In the ongoing series of Fog drawings, Meiro Koizumi reproduces stills from various movies by renowned Japanese director Yasujiro Ozu.
During the Second Sino-Japanese War (1937-1945) Ozu was sent to China to fight in the war. According to his diary, at the beginning of the war, he was making plans to make war films once he goes back to his homeland Japan. His diary was filled with ideas of scenes that depict the daily lives of soldiers in a foreign country. But at some point during the war, he stopped making such notes. As a soldier, he was the unit leader for a unit that spread chemical gas against the Chinese army. He saw and experienced the worst of the war. After Ozu came back to Japan, he never made a single war film nor a single scene involving war battles. All the scars of the war are erased, and repressed under the surface of beautiful daily lives of the people on screen.
The cinematography of Ozu is known for his painstaking method that involved carefully arranging props and actors to create tableau-like scenes, using his actors almost as puppets. As such, Ozu's films play very much within the context of traditional Japanese theatre, with actors not acting freely or naturalistically. The actors' faces thus are mere masks, the actors mere forms, devoid of emotion or interiority.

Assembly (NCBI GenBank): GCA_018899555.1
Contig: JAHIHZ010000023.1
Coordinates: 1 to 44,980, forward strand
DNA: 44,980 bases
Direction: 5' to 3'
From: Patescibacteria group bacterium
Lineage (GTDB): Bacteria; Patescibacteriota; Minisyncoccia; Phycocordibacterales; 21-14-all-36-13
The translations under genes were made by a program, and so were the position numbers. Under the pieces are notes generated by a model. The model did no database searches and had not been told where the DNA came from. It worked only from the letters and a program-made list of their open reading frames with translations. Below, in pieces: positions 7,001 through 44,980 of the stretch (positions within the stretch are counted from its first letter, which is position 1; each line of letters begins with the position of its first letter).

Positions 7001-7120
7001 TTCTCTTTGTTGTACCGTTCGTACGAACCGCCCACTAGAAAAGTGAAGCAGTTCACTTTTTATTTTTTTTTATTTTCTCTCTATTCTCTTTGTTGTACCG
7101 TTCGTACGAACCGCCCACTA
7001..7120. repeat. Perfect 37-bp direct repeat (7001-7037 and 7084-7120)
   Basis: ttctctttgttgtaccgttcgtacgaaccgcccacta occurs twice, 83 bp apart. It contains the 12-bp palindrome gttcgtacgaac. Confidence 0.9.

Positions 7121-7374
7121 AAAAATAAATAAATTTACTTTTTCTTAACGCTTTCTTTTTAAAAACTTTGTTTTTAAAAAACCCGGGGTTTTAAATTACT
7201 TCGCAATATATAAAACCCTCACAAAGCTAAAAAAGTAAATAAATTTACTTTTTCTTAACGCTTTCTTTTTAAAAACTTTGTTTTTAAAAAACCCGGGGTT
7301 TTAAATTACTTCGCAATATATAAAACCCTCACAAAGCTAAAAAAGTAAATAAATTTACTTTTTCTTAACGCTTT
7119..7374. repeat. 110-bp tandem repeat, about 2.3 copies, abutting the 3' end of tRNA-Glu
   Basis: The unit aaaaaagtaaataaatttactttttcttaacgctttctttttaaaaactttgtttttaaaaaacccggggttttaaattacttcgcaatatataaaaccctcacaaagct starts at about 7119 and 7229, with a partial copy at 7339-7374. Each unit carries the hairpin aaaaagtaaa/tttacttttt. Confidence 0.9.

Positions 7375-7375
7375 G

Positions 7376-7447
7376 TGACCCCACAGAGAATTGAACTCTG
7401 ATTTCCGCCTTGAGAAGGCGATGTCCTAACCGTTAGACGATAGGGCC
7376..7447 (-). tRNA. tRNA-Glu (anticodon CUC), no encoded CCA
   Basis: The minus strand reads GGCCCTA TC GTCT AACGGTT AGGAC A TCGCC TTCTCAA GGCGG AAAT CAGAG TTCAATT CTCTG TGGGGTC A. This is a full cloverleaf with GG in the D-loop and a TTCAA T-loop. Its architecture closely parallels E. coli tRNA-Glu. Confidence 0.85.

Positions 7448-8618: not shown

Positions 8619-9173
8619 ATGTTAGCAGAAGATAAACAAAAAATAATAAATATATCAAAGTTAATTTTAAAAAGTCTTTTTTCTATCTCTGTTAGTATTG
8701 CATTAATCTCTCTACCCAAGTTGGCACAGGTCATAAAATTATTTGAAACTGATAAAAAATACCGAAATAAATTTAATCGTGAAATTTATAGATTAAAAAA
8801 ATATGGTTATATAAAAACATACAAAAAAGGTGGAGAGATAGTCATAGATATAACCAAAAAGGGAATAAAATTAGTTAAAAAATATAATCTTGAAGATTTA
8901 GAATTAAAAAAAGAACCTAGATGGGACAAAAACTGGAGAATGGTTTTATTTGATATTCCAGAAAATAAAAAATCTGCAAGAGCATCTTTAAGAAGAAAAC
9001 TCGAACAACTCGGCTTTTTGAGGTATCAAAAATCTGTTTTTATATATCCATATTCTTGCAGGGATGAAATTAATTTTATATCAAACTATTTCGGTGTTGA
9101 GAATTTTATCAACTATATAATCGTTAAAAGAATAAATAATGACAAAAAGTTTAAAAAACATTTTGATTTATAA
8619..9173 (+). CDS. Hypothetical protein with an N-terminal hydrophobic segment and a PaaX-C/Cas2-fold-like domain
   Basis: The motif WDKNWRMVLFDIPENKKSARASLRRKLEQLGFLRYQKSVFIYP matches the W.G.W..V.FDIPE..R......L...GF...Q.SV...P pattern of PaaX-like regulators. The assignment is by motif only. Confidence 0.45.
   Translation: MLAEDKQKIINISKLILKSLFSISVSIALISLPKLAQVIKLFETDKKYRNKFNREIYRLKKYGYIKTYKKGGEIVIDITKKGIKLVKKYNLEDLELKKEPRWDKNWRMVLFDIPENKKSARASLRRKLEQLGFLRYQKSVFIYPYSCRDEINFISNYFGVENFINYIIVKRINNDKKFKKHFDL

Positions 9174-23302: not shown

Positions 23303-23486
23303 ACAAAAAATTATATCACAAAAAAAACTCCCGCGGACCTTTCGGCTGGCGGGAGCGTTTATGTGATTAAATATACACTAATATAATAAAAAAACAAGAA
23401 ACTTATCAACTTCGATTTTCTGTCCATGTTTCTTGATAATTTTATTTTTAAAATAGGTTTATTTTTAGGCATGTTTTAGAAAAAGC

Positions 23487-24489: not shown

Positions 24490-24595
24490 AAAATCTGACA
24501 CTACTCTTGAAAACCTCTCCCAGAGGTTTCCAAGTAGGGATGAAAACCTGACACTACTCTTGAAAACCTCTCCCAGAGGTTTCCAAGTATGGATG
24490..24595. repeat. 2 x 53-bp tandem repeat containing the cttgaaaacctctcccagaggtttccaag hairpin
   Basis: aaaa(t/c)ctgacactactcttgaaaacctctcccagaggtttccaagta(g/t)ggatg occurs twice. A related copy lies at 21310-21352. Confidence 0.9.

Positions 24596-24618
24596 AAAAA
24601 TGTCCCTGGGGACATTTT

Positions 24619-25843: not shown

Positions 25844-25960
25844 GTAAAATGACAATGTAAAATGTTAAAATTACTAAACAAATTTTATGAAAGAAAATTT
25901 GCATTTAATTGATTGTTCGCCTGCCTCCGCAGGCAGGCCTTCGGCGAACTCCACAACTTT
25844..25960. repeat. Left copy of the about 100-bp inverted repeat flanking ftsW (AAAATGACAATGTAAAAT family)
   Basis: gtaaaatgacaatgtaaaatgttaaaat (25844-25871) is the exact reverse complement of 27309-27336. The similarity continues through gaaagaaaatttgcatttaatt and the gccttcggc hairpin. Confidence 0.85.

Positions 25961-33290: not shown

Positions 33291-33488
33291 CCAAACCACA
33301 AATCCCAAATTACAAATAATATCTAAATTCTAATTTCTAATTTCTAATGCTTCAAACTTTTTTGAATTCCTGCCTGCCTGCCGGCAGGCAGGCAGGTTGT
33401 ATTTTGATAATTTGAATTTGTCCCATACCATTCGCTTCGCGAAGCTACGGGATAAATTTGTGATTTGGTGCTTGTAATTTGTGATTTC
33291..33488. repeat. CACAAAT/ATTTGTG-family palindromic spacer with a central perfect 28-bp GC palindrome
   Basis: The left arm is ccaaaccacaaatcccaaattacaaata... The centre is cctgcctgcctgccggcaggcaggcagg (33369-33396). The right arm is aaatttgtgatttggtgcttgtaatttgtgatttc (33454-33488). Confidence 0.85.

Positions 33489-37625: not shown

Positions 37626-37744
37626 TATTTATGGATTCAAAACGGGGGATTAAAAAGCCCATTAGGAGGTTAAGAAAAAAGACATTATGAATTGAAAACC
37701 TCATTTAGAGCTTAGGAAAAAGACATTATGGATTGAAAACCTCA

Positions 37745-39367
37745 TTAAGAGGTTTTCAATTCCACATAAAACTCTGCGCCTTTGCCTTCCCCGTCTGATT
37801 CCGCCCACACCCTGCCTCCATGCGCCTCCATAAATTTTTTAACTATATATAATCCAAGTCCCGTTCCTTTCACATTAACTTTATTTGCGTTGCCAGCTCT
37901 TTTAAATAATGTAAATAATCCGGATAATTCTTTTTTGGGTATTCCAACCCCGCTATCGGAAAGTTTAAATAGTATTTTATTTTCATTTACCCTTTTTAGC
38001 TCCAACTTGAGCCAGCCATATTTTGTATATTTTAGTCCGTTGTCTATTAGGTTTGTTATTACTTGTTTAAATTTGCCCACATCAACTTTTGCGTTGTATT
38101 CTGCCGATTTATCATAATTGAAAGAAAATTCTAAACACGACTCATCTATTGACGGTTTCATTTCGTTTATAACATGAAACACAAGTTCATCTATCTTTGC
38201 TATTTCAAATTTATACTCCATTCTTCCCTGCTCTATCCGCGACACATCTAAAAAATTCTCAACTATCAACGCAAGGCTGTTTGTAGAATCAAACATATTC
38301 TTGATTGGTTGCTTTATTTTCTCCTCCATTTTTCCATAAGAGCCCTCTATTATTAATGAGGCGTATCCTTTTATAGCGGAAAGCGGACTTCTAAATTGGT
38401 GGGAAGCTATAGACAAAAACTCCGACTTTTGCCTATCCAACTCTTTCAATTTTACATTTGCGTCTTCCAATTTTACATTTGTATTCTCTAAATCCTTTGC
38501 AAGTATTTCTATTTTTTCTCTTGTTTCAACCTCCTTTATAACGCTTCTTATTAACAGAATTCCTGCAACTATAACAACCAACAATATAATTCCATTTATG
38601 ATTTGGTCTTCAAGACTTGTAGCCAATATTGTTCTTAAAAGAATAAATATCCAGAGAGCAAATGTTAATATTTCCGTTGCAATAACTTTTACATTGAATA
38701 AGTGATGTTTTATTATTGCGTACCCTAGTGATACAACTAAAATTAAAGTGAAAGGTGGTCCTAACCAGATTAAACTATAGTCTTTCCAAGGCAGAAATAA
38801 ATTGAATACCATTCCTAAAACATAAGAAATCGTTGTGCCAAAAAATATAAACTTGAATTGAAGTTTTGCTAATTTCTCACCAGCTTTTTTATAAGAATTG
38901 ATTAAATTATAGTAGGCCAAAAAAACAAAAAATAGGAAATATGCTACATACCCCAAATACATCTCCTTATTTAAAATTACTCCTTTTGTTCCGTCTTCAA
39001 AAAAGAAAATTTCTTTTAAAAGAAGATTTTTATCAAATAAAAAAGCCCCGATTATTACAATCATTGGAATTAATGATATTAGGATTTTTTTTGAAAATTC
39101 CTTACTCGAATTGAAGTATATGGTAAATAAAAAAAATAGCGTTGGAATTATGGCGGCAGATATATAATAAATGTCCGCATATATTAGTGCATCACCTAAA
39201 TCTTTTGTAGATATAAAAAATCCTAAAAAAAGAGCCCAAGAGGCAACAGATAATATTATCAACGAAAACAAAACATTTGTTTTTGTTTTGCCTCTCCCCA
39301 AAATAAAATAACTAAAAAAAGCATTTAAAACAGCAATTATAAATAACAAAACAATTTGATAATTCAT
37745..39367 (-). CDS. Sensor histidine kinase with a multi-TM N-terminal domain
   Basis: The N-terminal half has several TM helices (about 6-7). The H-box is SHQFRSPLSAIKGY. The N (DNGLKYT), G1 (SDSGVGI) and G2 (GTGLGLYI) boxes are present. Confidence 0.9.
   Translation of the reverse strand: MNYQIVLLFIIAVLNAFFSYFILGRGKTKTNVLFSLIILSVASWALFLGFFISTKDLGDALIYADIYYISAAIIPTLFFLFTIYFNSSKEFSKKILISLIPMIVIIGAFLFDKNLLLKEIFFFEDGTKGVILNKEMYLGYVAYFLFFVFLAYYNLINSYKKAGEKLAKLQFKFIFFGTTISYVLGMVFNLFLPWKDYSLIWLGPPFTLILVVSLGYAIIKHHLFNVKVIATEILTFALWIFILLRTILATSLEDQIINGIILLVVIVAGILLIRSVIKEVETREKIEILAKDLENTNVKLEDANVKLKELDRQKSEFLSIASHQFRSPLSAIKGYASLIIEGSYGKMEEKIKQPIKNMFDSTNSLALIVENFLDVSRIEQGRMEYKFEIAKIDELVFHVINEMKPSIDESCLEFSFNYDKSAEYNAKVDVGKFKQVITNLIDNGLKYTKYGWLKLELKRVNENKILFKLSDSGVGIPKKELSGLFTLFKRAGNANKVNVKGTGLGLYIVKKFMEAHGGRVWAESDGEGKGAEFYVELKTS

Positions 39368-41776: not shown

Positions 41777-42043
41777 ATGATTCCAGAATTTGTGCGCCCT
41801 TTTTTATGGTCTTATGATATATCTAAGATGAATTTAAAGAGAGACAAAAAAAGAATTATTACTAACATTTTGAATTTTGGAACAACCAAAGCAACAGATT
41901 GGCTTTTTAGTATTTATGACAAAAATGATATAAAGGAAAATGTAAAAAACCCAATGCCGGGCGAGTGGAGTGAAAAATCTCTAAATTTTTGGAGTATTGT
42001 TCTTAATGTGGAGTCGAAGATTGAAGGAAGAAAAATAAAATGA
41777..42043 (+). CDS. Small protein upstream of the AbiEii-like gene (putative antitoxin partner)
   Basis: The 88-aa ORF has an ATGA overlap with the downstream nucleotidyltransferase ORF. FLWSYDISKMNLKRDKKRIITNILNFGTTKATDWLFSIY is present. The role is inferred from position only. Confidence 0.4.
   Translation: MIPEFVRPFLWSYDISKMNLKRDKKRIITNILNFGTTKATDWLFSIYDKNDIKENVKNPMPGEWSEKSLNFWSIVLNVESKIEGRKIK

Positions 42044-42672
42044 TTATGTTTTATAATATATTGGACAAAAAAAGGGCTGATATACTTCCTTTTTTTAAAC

Koizumi observes how important it is, in Ozu's film, that the camera almost never moves, and the filmmaker tries to construct the perfect image by looking through the lens within the frame. The space outside of the frame doesn't exist. Everything is on the surface and within the frames.
By the gesture of erasing through a heavy mist that pervades the drawings, Koizumi discovers (or invents) a new dimension, beyond the existing frame and under the surface. Pursuing his investigation into Japan’s ritualistic culture and past events, the fog becomes an element for revealing, rather than concealing, the painful reality hidden behind the serene facades, searching for new ways of resolving the past in a way that can be understood on a global scale.